To disable Hyper-V, go to Turn Windows features on or off and you will see a dialog with list of Windows features as shown below. Navigate to the Hyper-V section and disable it completely.

This will require a restart to the machine to take effect and on my machine, it even ended up doing a Windows Update, configuring it and a good 10 minutes later, it was back up.

Great! We have everything now to get going.

Development Machine Environment

I am assuming that you have a setup that is similar to this. I believe, you should be fine on Windows 7 too and it would not have the HyperV stuff, instructions of which I will give in a while.

  • Windows 10 Laptop. VT-x/AMD-v virtualization must be enabled in BIOS.
  • Docker Toolbox v1.12.0. The toolbox sets up VirtualBox and I have gone with that.
  • kubectl command line utility. This is the CLI utility for the Kubernetes cluster and you need to install it and have it available in your PATH. To install the latest 1.4 release, do the following: Go to the browser and give the following URL : This will download the kubectl CLI executable. Please make it available in the environment PATH variable.

Note: kubectl versions are available at a generic location as per the following format:${K8S_VERSION}/bin/${GOOS}/${GOARCH}/${K8S_BINARY}

To find the latest kubectl version goto this link:

Minikube installation

The first step is to take the kubectl.exe file that you downloaded in the previous step and place that in the C:\ folder.

The next step is to download the minikube binary from the following location:

Go to the Windows download link as shown below:

This will start downloading the v0.22.3 release of the executable. The file name is minikube-windows-amd64.exe. Just rename this to minikube.exeand place it in C:\ drive, alongside the kubectl.exe file from the previous section.

You are all set now to launch a local Kubernetes one-node cluster!

All the steps moving forward are being done in Powershell. Launch Powershell in Administrative mode (Ctrl-Shift-Enter) and navigate to C:\ drive where the kubectl.exe and minikube.exe files are present.

A few things to note

Let’s do our standard testing to validate our utilities.

If you go to your %HOMEPATH%\.minikube folder now, you will notice that several folders got created. Take a look!

There are multiple commands that Minikube supports. You can use the standard ` — help` option to see the list of commands that it has:

PS C:\> .\minikube --help
Minikube is a CLI tool that provisions and manages single-node Kubernetes clusters optimized for development workflows
  minikube [command]
Available Commands:
  dashboard        Opens/displays the kubernetes dashboard URL for your local cluster
  delete           Deletes a local kubernetes cluster.
  docker-env       sets up docker env variables; similar to '$(docker-machine env)'
  get-k8s-versions Gets the list of available kubernetes versions available for minikube.
  ip               Retrieve the IP address of the running cluster.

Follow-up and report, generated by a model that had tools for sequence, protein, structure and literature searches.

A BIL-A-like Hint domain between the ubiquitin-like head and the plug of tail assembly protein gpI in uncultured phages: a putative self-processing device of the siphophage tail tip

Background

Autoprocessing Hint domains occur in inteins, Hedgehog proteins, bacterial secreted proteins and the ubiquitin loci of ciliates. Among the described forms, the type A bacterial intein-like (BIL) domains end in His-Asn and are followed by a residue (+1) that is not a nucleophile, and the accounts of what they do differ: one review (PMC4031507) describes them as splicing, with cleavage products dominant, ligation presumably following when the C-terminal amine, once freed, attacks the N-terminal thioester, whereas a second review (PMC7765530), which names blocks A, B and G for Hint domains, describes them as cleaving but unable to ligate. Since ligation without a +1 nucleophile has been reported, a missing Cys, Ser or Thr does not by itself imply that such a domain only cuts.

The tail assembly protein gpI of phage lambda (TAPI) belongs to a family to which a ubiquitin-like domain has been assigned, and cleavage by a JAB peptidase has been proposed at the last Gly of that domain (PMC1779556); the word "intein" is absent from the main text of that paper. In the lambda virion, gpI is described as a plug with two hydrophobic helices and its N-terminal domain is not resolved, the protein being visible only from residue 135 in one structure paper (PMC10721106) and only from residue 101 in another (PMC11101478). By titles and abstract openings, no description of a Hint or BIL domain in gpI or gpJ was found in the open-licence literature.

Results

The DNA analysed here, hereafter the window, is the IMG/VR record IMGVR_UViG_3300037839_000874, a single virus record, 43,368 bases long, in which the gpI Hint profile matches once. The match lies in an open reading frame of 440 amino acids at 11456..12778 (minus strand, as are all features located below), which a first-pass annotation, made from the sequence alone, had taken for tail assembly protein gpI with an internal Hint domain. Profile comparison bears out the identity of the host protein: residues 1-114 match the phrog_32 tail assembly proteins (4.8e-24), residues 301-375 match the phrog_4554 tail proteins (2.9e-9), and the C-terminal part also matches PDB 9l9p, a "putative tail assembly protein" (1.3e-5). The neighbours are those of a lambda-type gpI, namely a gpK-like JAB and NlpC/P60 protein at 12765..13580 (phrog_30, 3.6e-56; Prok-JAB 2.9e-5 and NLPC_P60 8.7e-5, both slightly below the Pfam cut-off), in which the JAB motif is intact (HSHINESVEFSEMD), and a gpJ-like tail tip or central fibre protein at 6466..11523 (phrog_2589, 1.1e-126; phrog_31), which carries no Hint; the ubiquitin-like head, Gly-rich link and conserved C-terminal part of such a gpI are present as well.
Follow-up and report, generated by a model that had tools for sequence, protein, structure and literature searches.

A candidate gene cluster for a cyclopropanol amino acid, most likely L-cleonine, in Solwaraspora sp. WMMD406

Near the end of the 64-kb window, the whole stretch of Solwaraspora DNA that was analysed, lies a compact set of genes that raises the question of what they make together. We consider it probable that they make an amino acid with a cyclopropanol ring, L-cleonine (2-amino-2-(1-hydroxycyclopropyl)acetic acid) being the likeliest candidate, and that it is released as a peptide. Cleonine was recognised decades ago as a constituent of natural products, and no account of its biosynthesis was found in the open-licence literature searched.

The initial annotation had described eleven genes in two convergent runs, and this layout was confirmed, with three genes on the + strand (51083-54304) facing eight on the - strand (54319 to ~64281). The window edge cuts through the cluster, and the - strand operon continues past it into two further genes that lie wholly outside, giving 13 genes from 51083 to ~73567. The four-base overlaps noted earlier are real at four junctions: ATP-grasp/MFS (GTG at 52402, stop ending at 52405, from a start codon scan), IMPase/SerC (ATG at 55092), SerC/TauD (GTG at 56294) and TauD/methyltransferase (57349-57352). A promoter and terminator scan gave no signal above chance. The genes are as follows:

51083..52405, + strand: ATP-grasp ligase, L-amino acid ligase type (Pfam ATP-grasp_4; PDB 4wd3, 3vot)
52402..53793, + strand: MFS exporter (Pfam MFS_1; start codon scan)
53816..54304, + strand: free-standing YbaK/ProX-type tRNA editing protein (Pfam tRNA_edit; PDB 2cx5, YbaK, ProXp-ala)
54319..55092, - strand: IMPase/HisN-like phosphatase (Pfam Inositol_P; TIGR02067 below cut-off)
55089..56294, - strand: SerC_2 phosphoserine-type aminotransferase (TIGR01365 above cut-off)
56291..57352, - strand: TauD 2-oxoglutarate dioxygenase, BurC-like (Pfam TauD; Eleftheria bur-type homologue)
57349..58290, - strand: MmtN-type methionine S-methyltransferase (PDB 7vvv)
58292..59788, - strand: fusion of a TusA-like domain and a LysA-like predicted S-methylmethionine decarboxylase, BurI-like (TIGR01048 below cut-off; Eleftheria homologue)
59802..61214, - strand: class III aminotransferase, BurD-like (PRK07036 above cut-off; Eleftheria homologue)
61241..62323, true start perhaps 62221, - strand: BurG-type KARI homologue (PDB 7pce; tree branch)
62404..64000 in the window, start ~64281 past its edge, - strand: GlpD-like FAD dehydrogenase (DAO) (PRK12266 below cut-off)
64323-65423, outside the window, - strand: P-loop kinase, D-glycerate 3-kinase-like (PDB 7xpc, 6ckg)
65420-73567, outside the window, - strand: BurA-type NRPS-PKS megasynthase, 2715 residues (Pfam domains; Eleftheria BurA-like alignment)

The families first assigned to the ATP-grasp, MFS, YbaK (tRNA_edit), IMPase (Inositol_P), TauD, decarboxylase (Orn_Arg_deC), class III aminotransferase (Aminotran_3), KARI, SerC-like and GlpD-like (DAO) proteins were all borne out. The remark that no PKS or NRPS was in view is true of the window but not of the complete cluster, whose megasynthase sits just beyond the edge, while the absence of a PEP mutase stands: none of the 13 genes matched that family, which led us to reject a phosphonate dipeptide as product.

logs             Gets the logs of the running localkube instance, used for debugging minikube, not user code.
  config           Modify minikube config
  service          Gets the kubernetes URL for the specified service in your local cluster
  ssh              Log into or run a command on a machine with SSH; similar to 'docker-machine ssh'
  start            Starts a local kubernetes cluster.
  status           Gets the status of a local kubernetes cluster.
  stop             Stops a running local kubernetes cluster.
  version          Print the version of minikube.
      --alsologtostderr[=false]: log to standard error as well as files
      --log-flush-frequency=5s: Maximum number of seconds between log flushes
      --log_backtrace_at=:0: when logging hits line file:N, emit a stack trace
      --log_dir="": If non-empty, write log files in this directory
      --logtostderr[=false]: log to standard error instead of files
      --show-libmachine-logs[=false]: Whether or not to show logs from libmachine.
      --stderrthreshold=2: logs at or above this threshold go to stderr
      --v=0: log level for V logs
      --vmodule=: comma-separated list of pattern=N settings for file-filtered logging
Use "minikube [command] --help" for more information about a command.

I have highlighted a couple of Global flags that you can use in all the commands for minikube. These flags are useful to see what is going on inside the hood at times and also for seeing the output on the standard output (console/command).

Minikube supports multiple versions of Kubernetes and the latest version is v1.7.5. To check out the different versions supported try out the following command:

PS C:\> .\minikube get-k8s-versions
The following Kubernetes versions are available:
 - v1.7.5
 - v1.7.4
 - v1.7.3
 - v1.7.2
 - v1.7.0
 - v1.7.0-rc.1
 - v1.7.0-alpha.2
 - v1.6.4
 - v1.6.3
 - v1.6.0
 - v1.6.0-rc.1
 - v1.6.0-beta.4
 - v1.6.0-beta.3
 - v1.6.0-beta.2
 - v1.6.0-alpha.1
 - v1.6.0-alpha.0
 - v1.5.3
 - v1.5.2
 - v1.5.1
 - v1.4.5
 - v1.4.3
 - v1.4.2
 - v1.4.1
 - v1.4.0
 - v1.3.7
 - v1.3.6
 - v1.3.5
 - v1.3.4
 - v1.3.3
 - v1.3.0

Starting our Cluster

We are now ready to launch our Kubernetes cluster locally. We will use the start command for it.

Note: You might run into multiple issues while starting a cluster the first time. I have several of them and have created a section at the end of this blog post on Troubleshooting. Take a look at it, in case you run into any issues.

You can check out the help and description of the command/flags/options via the help option as shown below:

PS C:\> .\minikube.exe start --help

You will notice several Flags that you can provide to the start command and while there are some useful defaults, we are going to be a bit specific, so that we can better understand things.